When word broke that a branch of the IRS had targeted conservative groups applying for tax exempt status, Tea Part corporation groups were outraged. Outraged, I say.
At the same time, I wrote here --
That the Tea Party corporations are outraged is not only the basic core of their being, so it’s not particularly news, but they have to convince others in the middle to be just as outraged. And that’s a problem because –
1) The IRS has every right to look into any group applying for tax exempt status.
2) During the same period, the IRS actually looked into liberal groups, too, applying for tax exempt status, not just conservative groups.
It's now turning out that the IRS didn't only look into liberal groups -- but targeted them, as well. As the Associate Press reported on Monday --
"The Internal Revenue Service’s screening of groups seeking tax-exempt status was broader and lasted longer than has been previously disclosed, the new head of the agency acknowledged Monday. Terms including ‘'Israel,’ ''Progressive’ and '‘Occupy’' were used by agency workers to help pick groups for closer examination, according to an internal IRS document obtained by The Associated Press."
In fact, it's even more blunt than that. The BOLO ("Be On the Lookout") document states --
Issue 2: Common thread is the word "progressive". Activities appear to lean toward a new political party. Activities are partisan and appear as anti-Republican.
"Appear to be anti-Republican." Be on the lookout for that. Don't allow that.
In one of the great, polite statements of subtlety, Sam Stein of The Huffington Post writes, "The revelations greatly complicate the political scandal that has engulfed the IRS over the past few weeks."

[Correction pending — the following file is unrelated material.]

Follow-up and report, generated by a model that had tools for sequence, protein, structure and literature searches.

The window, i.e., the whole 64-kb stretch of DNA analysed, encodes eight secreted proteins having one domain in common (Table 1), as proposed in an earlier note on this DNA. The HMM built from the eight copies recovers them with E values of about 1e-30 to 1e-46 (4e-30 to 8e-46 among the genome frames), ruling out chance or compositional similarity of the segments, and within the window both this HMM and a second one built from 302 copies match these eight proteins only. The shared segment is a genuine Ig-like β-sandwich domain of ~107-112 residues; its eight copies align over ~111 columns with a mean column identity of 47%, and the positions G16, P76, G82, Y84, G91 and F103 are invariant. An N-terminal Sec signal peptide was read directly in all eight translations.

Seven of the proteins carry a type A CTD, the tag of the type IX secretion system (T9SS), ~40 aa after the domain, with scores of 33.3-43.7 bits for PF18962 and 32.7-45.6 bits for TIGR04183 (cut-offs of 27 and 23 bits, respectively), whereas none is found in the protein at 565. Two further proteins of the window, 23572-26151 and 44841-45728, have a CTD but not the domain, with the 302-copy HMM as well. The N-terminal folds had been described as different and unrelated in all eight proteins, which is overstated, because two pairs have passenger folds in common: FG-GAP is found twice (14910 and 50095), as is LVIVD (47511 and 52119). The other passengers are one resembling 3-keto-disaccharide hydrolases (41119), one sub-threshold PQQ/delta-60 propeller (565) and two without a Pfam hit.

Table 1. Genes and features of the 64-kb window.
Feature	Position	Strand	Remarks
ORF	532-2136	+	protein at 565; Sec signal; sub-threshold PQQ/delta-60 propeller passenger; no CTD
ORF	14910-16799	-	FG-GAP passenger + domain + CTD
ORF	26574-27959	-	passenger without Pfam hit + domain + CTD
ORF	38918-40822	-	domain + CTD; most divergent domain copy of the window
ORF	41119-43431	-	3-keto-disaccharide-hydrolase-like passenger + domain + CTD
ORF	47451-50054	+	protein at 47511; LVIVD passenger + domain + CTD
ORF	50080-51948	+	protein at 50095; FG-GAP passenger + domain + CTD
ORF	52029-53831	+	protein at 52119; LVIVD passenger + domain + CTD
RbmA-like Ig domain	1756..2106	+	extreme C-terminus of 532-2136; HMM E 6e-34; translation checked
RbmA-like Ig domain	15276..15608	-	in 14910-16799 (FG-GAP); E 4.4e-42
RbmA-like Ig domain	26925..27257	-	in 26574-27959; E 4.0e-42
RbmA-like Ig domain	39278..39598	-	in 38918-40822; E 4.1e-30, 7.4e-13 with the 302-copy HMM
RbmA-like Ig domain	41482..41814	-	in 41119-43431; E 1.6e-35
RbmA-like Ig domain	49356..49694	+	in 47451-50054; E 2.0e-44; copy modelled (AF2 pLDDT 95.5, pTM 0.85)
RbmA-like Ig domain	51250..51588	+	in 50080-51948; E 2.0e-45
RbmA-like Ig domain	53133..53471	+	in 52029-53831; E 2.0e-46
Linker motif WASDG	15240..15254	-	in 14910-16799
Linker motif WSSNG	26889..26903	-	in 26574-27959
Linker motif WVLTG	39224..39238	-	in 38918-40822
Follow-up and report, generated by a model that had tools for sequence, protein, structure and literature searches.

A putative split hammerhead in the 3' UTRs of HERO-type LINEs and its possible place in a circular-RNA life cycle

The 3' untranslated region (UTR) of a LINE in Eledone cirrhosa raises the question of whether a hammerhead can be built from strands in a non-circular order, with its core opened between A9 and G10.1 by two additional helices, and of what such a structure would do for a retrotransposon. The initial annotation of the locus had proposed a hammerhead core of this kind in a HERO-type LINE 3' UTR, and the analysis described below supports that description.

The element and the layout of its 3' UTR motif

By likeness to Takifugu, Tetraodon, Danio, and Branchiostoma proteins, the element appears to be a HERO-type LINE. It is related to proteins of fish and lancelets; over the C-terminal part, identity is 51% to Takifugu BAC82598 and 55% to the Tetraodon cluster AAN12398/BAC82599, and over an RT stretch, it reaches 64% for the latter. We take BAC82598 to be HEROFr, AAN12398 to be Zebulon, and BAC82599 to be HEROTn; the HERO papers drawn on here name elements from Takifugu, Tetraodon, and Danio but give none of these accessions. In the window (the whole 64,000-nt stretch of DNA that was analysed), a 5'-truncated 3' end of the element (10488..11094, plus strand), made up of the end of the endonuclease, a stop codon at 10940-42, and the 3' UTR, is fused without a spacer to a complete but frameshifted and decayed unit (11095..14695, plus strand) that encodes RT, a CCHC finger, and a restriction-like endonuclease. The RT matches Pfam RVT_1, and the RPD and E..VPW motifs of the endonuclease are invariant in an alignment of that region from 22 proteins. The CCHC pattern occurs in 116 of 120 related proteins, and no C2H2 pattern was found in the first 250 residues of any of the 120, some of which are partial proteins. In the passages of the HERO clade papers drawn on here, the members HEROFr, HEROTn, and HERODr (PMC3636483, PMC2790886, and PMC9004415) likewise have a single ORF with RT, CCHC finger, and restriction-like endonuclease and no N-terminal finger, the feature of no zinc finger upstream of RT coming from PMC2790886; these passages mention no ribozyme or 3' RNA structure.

Yes, greatly complicate the issue, indeed. Like turns it inside out and makes it a completely different issue entirely.
No one should, of course, be "targeted" by the IRS based on political beliefs, and if that's what has happened, it's a problem that should be investigated -- and is being investigated. But if the IRS is look at all groups, on every side of the spectrum, then this isn't a case at all that the "IRS is Targeting the Tea Party." It might be that they're overzealous looking into everyone. Or it might be that they're doing what I wrote above. Looking into groups applying for tax exempt status whoever they are.
Again, if they're targeting groups -- conservative or liberal -- that's certainly a problem. But if they're creating BOLO lists for any group trying to claim tax exempt lists based on general terms that raise a red flag -- and they're doing it fairly -- that's simply another matter.
I don't like any group being targeted. That's a no-brainer. But I do like every group applying for tax exempt status being looked into, to make sure they're actually a tax-exempt organization and not trying to skirt the laws with a purely political agenda. Unfortunately, the IRS doesn't have the maneuver.to check everyone. So -- IF the BOLO lists are being created fairly, with red flags the same as those used on individual returns -- I'm not so sure that that's an issue that bothers me, at least nearly as much.
At the very least, it does appear the the Tea Party Outrage (tm) is not, shockingly, justified.
But, we'll see what turns up next.
Robert J. Elisberg is a political commentator, screenwriter, novelist, tech writer and also some other things that I just tend to keep forgetting.
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